More than 600 doctors signed onto a letter sent to President Trump Tuesday pushing him to end the "national shutdown" aimed at slowing the spread of the coronavirus, calling the widespread state orders keeping businesses closed and kids home from school a "mass casualty incident" with "exponentially growing health consequences."
The letter outlines a variety of consequences that the doctors have observed resulting from the coronavirus shutdowns, including patients missing routine checkups that could detect things like heart problems or cancer, increases in substance and alcohol abuse, and increases in financial instability that could lead to "[p]overty and financial uncertainty," which "is closely linked to poor health."
"We are alarmed at what appears to be the lack of consideration for the future health of our patients," the doctors say in their letter. "The downstream health effects ... are being massively under-estimated and under-reported. This is an order of magnitude error."
The letter continues: "The millions of casualties of a continued shutdown will be hiding in plain sight, but they will be called alcoholism, homelessness, suicide, heart attack, stroke, or kidney failure. In youths it will be called financial instability, unemployment, despair, drug addiction, unplanned pregnancies, poverty, and abuse.
"Because the harm is diffuse, there are those who hold that it does not exist. We, the undersigned, know otherwise."
The letter comes as the battle over when and how to lift coronavirus restrictions continues to rage on cable television, in the courts, in protests and among government officials. Those for lifting the restrictions have warned about the economic consequences of keeping the shutdowns in effect. Those advocating a more cautious approach say that having more people out and about will necessarily end with more people becoming infected, causing what National Institute of Allergy and Infectious Diseases Director Dr. Anthony Fauci warned in a Senate hearing last week would be preventable "suffering and death."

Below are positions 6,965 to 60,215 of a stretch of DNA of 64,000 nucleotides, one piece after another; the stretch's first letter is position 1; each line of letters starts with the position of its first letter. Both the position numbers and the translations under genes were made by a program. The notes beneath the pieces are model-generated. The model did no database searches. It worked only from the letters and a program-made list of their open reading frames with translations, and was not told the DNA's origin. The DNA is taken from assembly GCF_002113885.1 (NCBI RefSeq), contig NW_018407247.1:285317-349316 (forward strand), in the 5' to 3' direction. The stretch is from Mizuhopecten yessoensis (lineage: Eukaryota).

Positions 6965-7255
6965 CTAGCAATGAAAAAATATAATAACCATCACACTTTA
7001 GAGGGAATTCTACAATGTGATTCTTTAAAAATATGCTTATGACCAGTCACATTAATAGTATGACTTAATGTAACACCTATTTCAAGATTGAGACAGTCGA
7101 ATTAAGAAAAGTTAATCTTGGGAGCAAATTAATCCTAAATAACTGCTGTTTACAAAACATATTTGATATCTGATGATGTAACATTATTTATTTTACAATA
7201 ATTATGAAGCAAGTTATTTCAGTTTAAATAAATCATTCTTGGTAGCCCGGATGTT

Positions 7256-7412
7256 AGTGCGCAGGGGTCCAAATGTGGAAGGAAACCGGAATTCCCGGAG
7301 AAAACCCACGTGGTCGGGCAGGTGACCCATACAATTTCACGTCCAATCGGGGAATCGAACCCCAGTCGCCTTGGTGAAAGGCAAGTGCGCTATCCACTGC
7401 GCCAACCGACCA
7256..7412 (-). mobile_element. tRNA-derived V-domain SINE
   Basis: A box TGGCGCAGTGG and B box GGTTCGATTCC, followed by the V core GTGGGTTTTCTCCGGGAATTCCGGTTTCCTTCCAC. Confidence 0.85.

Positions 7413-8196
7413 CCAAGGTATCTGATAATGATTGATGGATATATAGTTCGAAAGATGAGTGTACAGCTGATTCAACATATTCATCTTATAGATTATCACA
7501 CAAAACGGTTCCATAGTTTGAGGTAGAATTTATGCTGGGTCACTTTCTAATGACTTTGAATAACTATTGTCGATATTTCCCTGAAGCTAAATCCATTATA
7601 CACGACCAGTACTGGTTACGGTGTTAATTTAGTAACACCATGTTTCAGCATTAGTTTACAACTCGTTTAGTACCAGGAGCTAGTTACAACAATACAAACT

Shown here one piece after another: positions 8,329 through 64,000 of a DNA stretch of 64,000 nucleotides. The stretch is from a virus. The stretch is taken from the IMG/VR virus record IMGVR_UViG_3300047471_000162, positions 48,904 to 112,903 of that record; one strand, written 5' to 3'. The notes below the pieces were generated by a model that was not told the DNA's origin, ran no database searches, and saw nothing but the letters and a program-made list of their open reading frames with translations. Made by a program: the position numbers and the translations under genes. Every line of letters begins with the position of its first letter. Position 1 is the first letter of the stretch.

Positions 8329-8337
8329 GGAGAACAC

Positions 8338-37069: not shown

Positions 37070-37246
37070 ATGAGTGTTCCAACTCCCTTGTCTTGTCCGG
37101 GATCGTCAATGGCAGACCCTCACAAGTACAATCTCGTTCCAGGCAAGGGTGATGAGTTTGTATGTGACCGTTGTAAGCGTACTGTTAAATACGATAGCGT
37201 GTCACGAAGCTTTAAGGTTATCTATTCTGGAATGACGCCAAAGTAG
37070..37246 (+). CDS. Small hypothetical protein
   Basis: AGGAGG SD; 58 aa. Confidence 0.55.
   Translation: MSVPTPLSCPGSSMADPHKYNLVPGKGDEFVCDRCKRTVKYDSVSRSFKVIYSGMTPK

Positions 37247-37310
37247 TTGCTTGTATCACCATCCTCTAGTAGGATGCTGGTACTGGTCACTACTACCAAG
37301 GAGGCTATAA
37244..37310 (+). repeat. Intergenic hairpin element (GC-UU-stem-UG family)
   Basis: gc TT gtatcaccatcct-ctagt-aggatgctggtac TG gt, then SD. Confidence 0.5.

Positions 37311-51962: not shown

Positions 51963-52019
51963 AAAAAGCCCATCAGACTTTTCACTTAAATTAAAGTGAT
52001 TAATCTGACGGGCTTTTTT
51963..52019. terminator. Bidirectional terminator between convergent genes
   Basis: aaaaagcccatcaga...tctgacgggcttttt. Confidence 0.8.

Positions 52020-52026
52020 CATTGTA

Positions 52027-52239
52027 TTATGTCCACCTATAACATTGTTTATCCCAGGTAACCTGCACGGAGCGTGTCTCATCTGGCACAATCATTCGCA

But these doctors point to others that are suffering, not from the economy or the virus, but simply from not being able to leave home. The doctors' letter lists a handful of patients by their initials and details their experiences.
McDonald said that "hospitals are not only not overwhelmed, they're actually being shut down." He noted that at one hospital in the Los Angeles area where Dr. Simone Gold, the head organizer of the letter, works "the technicians in the ER have been cut by 50 percent."
Gold also said the effects of the shutdown are more serious for the vast majority of people than the potential virus spread if it is quickly lifted.